Many of you already know how to get a great deal on software, but for those who could use a reminder, we've compiled a list of tips that take freeware, Webware, and boxed software into account.
Ditch the features
Ask yourself how many features of that $30, $60, or $200 program you're really going to use. If the answer is less than half, you can probably make do with freeware or with a less expensive shareware application. If you're already comfortable finding, downloading, and using freeware alternatives to pricey, branded software, then congratulations.
If you're not, there are a few ground rules to know. The programs may not always be as flashy or as feature-rich as the reigning app you're familiar with, and they may require you spend some time with the ReadMe file or Help Manual if they operate differently than you're used to. Yet on the whole, the freeware category is growing ever-more sophisticated in everything from interface design to customer support. If you hate the app, it costs you nothing but trial time, and you can always buy the full-priced software to replace it.
For a real-life example, take an image editor. Unless you're an advanced or frequent user, you may not actually need a program as fully caffeinated as Adobe Photoshop, especially if Paint.NET or GIMP's core features are what you'll actually use the majority of the time. With a little research, you can even find two or more freeware programs that cover the feature spectrum in a suite of pro-grade software. In fact, that's how we cobbled together our own Adobe Creative Suite.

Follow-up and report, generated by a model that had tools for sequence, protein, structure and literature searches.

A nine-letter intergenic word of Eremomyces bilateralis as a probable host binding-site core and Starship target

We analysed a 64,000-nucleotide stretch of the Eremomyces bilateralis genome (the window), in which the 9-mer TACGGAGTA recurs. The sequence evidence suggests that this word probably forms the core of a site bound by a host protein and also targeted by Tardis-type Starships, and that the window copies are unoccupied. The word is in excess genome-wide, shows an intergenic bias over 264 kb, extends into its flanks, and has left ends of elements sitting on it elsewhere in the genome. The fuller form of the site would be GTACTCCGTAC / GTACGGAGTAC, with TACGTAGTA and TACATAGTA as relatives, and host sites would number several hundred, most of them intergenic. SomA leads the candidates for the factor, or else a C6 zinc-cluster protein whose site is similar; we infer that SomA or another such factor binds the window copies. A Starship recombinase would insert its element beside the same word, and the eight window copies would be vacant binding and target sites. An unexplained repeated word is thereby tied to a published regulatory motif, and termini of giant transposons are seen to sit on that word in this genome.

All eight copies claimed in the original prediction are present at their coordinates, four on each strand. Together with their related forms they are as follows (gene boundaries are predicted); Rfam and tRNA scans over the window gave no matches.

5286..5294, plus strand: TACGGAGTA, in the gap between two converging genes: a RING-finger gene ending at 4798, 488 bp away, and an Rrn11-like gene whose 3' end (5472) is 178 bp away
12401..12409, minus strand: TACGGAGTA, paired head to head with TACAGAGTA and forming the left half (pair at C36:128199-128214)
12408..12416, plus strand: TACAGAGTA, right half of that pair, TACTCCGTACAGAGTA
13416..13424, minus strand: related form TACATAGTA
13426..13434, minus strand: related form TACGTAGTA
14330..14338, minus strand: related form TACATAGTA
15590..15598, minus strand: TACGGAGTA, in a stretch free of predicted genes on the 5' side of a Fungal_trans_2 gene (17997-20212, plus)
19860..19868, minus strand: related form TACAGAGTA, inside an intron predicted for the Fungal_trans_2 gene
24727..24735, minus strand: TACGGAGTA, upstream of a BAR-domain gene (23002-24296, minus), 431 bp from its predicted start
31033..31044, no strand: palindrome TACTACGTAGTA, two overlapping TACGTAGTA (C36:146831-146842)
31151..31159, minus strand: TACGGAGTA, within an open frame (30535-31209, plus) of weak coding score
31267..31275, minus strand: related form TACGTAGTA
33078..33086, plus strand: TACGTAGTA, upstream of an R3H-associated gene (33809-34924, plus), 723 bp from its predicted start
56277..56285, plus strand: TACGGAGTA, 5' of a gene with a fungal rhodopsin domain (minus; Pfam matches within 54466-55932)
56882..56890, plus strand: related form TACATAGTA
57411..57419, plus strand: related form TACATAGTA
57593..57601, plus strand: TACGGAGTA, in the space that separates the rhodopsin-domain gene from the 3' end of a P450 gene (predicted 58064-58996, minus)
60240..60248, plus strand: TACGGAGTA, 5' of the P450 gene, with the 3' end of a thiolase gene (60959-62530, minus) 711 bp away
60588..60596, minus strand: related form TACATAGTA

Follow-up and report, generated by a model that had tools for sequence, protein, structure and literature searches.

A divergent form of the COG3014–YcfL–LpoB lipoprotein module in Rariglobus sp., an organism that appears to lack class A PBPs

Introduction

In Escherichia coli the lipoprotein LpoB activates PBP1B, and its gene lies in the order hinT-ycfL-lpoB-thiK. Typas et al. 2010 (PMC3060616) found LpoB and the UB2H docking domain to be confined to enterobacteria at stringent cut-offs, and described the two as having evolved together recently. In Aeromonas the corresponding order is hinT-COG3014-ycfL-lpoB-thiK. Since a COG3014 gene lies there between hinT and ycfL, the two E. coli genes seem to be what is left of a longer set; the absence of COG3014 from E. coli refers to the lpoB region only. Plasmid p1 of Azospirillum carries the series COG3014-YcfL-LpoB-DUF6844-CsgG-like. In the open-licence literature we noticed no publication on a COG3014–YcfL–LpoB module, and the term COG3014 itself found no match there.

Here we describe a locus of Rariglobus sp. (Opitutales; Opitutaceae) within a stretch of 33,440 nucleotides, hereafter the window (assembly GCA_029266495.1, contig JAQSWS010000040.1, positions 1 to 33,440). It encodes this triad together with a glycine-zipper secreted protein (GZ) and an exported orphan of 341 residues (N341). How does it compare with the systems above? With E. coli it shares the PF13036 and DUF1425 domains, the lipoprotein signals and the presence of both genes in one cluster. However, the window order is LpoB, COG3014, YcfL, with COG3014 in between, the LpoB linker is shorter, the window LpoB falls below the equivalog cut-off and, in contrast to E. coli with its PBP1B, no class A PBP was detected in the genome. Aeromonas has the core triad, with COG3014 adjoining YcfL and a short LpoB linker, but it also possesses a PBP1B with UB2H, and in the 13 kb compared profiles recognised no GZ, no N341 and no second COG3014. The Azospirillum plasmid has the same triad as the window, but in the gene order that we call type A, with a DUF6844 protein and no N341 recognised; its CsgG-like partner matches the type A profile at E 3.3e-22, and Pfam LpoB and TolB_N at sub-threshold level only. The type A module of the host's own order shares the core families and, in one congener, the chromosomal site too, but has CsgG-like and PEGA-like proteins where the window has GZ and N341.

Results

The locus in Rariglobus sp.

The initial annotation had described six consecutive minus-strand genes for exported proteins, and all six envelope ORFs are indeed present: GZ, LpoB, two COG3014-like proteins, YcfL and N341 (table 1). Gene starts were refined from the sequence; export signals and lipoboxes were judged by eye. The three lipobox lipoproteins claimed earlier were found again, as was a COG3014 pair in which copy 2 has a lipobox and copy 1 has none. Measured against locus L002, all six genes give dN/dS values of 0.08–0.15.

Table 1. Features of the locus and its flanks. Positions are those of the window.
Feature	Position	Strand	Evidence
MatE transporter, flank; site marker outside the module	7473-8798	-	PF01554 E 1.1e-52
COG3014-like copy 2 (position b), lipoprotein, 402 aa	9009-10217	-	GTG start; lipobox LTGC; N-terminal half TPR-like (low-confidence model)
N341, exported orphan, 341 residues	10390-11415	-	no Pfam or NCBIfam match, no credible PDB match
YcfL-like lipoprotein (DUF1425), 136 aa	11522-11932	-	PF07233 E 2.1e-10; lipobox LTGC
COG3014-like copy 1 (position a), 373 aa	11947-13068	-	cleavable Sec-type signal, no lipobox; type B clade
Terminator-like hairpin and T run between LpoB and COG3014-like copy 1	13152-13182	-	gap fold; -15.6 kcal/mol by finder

How do you find freeware? We recommend CNET Download.com, of course, as your go-to source for discovering and downloading Mac and Windows freeware (also Mobile and Webware.) It's especially useful if you narrow your search results by free licenses (see the illustration at left).
You can also find Windows, Mac, and Linux alternatives from similar download catalogs. SourceForge.net is another good source for the more adventurous and savvy users who are unafraid of choosing from a list of active builds and downloading through mirrors. Forums run by the open-source community may also reveal worthy freeware for those with time to investigate. While search engines are another path to freeware titles, some sites--especially those advertising cracks and serial numbers--are notorious for delivering malware. We recommend for Windows users to at the very least install an application to rate your search engine results as safe or suspicious, such as McAfee Site Advisor for Internet Explorer or Firefox.
Start off with these top freeware security apps and all-around apps for Windows. Mac users will find freeware in this Mac Starter Kit, plus less expensive alternatives to popular programs that are worth the asking price.… Read more